With a better job market, tech professionals have more options and flexibility for work-including freelancing.
Then-freelance iOS developer Phil Scarfi had signed on to perform some contract work on a company's app. The feature updates were slated to take about 10 hours of work.
Around 25 hours of work later, Scarfi had perfected the feature. Due to 15 hours of going back and forth with the picky client and not getting paid hourly, the experienced iOS developer ended up making about $2 an hour, illustrating some of the common issues that plague those who make the leap to freelance.
With a strong tech job market, tech professionals have more flexibility in where and how they work—including freelancing.
"There is such high demand for niche or specialized resources right now and a very low supply," said Stephen Zafarino, senior director of recruiting for Mondo. "As a result, freelancers today can set higher rates and experience more stability with less time off between projects given the increase of available freelance projects in recent years."
Tech professionals have several motivations to work solo: More control, a wider range of clients and tasks, more flexible hours, and a potentially larger paycheck.
However, current and former freelancers say there are several things to consider before jumping ship and going solo. Here are eight things tech professionals should know before freelancing, according to the people who have been there.
SEE: Telecommuting policy (Tech Pro Research)
1. Insurance is now on you
Freelancers leave behind the security of being at a company—including health and liability insurance. You are responsible for covering risks yourself, according to Andy Wood, executive vice president of retail operations at Insureon.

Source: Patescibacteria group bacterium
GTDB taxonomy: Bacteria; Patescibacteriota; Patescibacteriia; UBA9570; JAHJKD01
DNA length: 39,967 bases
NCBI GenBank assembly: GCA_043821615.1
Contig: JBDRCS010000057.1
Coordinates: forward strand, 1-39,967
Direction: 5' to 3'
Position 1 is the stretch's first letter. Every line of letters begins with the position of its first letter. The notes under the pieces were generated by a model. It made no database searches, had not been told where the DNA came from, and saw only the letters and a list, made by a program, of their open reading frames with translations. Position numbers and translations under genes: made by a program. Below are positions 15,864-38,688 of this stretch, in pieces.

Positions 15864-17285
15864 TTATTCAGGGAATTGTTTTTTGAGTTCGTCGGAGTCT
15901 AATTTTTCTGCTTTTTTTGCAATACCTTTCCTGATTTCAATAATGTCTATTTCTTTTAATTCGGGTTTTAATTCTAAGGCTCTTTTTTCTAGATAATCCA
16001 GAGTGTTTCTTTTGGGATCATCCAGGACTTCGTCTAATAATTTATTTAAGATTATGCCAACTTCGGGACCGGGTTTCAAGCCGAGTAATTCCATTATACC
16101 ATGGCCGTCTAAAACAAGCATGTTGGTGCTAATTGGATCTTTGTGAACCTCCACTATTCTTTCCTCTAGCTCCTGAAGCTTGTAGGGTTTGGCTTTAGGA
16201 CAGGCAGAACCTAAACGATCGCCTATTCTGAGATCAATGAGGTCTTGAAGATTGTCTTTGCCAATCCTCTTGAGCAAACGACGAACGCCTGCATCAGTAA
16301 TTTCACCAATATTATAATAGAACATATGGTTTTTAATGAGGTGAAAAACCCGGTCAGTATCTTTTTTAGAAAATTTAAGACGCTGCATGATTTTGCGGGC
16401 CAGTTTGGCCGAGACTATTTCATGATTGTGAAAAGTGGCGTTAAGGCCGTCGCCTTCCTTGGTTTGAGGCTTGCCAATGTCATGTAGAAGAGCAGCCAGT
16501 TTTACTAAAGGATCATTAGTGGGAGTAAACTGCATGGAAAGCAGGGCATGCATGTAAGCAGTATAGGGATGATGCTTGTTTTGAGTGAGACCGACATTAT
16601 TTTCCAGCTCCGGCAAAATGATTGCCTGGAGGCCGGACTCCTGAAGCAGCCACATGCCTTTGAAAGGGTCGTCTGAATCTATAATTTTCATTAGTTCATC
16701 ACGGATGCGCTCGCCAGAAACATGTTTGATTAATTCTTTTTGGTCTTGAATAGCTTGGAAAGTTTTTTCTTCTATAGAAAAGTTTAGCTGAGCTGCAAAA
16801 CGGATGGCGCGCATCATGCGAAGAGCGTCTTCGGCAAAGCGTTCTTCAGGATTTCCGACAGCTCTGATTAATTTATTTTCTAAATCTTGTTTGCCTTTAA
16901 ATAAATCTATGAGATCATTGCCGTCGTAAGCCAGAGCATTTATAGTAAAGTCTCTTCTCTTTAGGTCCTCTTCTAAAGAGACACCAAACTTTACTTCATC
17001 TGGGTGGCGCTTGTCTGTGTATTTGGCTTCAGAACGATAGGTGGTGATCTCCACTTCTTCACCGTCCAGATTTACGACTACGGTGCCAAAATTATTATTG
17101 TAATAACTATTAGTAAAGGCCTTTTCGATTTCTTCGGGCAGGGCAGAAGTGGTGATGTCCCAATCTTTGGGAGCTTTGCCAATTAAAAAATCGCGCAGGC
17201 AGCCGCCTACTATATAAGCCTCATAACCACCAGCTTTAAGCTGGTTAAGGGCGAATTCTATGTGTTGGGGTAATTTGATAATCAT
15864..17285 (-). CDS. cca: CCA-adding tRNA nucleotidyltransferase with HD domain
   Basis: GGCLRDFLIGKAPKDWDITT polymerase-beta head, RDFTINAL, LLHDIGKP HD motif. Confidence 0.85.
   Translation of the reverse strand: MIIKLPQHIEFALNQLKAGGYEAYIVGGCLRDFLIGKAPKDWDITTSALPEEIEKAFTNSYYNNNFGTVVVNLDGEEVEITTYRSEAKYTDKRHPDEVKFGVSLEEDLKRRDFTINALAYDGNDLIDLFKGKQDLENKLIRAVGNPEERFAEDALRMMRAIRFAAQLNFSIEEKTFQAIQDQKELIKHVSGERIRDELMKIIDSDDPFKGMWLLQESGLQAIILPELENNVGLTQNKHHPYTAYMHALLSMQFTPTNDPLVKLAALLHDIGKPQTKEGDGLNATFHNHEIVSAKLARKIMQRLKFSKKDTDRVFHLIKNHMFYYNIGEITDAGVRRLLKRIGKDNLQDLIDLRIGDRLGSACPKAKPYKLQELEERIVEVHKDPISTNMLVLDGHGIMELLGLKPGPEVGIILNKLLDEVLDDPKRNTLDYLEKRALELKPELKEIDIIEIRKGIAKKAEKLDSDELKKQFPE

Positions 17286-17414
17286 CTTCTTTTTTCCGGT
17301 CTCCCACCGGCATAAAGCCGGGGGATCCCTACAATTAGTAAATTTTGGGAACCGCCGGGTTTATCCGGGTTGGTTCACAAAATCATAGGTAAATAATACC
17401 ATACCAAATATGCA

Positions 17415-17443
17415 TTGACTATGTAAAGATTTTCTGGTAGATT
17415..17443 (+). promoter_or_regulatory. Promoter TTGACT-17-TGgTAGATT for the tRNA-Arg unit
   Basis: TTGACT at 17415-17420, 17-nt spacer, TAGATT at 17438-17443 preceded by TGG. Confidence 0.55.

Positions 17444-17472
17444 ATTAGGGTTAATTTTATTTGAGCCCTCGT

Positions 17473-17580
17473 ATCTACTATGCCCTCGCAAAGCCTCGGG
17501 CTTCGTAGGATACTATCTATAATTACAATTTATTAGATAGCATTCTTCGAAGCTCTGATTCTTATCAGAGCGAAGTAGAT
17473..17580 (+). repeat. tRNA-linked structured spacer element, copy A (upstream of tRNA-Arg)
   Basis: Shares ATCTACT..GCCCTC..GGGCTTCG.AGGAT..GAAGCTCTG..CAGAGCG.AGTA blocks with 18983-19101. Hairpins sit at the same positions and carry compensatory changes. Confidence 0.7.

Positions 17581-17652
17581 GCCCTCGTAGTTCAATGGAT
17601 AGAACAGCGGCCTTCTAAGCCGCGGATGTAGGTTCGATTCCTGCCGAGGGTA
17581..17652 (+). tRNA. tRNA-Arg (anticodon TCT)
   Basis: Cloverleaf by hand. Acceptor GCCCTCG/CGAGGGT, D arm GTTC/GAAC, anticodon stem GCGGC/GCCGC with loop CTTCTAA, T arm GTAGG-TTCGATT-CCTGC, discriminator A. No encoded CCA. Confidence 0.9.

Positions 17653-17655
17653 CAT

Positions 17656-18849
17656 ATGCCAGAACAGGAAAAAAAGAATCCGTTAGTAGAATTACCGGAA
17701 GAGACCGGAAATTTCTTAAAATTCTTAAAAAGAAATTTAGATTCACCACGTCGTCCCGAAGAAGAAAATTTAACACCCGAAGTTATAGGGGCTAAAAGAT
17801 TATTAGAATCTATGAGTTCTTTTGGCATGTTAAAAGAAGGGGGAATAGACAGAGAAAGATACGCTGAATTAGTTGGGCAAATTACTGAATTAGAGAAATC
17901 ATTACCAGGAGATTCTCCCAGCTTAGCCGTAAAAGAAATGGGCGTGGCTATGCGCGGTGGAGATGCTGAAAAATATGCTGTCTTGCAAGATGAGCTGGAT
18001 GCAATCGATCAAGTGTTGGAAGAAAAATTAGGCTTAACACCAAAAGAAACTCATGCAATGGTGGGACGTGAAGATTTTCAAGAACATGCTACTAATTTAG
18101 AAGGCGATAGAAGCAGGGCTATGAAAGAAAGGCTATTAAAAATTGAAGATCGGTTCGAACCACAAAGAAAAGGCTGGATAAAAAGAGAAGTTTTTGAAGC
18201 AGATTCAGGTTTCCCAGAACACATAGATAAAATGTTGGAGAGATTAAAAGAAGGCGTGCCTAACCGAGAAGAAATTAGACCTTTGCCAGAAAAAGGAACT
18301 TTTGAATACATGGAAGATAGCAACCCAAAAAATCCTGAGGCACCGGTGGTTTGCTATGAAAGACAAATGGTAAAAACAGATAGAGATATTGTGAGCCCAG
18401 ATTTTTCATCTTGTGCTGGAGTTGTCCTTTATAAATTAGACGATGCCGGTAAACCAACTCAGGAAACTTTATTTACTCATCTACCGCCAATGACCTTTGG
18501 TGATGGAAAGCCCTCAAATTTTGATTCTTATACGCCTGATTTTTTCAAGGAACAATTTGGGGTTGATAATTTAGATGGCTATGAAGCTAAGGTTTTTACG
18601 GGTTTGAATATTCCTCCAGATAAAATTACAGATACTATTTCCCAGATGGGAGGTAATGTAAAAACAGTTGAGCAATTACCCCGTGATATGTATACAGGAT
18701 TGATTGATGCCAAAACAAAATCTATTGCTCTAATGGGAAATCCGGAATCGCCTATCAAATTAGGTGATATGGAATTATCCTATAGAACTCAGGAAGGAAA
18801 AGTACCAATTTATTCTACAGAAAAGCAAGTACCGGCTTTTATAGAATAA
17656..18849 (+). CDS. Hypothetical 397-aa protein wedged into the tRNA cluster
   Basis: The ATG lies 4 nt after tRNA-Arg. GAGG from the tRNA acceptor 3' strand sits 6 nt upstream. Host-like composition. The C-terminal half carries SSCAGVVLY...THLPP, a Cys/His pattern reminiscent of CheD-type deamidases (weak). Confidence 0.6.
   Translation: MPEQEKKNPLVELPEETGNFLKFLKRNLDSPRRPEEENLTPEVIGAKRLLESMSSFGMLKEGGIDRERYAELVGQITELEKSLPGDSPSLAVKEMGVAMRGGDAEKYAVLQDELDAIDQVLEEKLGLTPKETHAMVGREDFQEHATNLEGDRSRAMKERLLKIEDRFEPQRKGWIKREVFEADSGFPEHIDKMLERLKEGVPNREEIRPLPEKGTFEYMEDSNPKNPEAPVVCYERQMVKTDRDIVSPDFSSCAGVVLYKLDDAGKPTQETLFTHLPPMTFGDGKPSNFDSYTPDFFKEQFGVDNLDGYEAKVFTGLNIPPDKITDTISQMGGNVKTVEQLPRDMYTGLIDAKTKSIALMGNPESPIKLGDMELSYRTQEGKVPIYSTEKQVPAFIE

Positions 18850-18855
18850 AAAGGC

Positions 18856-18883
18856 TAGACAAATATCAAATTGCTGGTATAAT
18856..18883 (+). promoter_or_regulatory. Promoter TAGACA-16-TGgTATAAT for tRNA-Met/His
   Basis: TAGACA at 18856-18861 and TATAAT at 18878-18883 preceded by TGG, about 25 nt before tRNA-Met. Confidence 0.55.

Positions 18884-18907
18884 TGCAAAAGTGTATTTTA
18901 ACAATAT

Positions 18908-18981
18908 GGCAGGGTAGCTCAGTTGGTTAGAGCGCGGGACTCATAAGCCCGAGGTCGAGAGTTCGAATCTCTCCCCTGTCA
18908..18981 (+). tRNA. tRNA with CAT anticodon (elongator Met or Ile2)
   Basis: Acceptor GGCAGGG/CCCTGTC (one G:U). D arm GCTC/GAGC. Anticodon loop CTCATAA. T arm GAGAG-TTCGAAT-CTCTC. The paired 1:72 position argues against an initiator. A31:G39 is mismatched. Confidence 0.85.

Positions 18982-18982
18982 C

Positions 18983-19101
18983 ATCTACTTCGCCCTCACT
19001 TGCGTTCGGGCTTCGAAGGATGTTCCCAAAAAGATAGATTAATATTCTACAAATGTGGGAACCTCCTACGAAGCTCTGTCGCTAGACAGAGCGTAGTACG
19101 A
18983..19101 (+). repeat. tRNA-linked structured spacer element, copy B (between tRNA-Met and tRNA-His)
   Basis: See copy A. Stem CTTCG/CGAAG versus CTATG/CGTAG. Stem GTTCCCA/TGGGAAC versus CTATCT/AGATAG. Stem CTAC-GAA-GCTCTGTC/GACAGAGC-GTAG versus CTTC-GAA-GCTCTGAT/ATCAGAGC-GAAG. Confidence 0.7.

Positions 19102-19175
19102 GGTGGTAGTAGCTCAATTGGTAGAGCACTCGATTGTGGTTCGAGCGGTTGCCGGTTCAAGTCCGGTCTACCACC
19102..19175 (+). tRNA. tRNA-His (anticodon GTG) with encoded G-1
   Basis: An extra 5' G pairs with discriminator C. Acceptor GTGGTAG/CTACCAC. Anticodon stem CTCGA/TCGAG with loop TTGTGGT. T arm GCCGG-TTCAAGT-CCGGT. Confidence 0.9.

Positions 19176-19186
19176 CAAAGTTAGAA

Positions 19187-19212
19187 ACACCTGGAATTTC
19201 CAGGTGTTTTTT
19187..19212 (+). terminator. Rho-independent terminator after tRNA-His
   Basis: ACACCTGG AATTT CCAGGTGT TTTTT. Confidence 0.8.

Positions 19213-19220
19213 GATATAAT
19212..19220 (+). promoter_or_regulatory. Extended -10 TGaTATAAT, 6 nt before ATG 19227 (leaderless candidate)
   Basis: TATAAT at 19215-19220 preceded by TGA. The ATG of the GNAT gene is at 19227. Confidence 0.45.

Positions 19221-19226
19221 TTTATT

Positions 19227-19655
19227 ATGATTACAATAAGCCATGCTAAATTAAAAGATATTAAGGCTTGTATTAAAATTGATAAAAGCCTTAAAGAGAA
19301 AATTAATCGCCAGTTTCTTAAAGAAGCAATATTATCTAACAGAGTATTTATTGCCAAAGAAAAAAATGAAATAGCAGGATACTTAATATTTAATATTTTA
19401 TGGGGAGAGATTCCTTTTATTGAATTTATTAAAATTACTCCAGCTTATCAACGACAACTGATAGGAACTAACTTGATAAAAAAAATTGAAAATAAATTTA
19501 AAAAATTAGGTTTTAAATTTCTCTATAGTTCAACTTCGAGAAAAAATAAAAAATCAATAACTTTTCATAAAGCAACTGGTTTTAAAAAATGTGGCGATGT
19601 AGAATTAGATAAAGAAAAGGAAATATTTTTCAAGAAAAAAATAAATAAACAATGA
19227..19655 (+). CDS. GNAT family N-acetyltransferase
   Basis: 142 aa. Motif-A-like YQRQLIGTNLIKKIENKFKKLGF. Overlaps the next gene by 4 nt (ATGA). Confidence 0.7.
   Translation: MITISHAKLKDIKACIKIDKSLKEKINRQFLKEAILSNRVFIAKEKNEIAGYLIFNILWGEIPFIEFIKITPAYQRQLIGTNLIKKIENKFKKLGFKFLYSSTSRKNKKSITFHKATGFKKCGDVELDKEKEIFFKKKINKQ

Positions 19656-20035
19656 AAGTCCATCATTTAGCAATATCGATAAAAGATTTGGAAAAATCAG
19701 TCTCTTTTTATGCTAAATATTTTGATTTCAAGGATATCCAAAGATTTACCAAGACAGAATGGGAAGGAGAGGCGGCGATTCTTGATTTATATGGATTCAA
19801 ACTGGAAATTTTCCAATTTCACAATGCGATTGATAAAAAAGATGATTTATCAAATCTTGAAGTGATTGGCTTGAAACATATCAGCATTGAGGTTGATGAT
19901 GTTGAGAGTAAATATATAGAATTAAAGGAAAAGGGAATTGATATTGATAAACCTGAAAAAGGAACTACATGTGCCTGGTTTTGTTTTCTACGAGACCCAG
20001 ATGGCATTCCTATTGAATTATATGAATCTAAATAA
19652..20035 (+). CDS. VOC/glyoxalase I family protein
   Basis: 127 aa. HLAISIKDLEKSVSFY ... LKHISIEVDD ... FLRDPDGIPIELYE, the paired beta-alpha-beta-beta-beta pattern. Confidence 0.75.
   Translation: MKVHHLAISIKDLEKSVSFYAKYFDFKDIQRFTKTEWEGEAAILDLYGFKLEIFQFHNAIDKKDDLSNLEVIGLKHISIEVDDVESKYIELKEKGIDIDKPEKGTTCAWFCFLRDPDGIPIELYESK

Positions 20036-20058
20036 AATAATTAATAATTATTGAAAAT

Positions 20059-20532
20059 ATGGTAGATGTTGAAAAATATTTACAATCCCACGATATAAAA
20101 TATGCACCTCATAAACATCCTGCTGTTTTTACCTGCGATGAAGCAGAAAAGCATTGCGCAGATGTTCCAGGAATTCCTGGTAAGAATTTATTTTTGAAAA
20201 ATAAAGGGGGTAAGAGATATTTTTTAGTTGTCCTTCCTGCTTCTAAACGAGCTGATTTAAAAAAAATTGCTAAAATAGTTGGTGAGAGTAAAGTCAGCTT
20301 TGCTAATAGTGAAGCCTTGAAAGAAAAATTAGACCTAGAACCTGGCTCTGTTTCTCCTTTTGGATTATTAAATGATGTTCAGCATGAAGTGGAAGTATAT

The good news is that many types of insurance are relatively inexpensive, Wood said. Freelancers will most likely need general liability and health insurance. If they're dealing with sensitive data, they may also need cyber insurance.
Insurance should extend past a contract term in case an issue arises after the contract ends, Wood said. Sometimes new freelancers don't understand this, accidentally leaving themselves vulnerable, he said.
Additionally, look into incorporating your business into your plan, and having a lawyer on hand. Both can potentially save you money and time, freelancers said.
2. Track your money
Can you support your current lifestyle with the up-and-down income of freelancing? Since your income will not be on a set schedule like a company's payroll, budgeting is even more important to ensure the bills are paid.
Housekeeping extends into accounting. Tech professionals may need to invest in some form of an accounting system, which may bring along new expenses. Connect with an accountant and make sure you're following all state reporting laws.
3. Expect to put in more hours
Freelancing is not a cakewalk, Wood said, and often requires more hours than a typical full-time job.
But you can make those hours count. Liam Pedley, a freelance website designer, said he wished he would organize his daily schedule to maximize productivity. Having a home office ready to go is important to get work done.
A freelance developer said they wished they knew how to choose the right clients for their business. Some clients may not perfectly align with what your business does, potentially causing more trouble than they're worth.
4. Finding work can be tough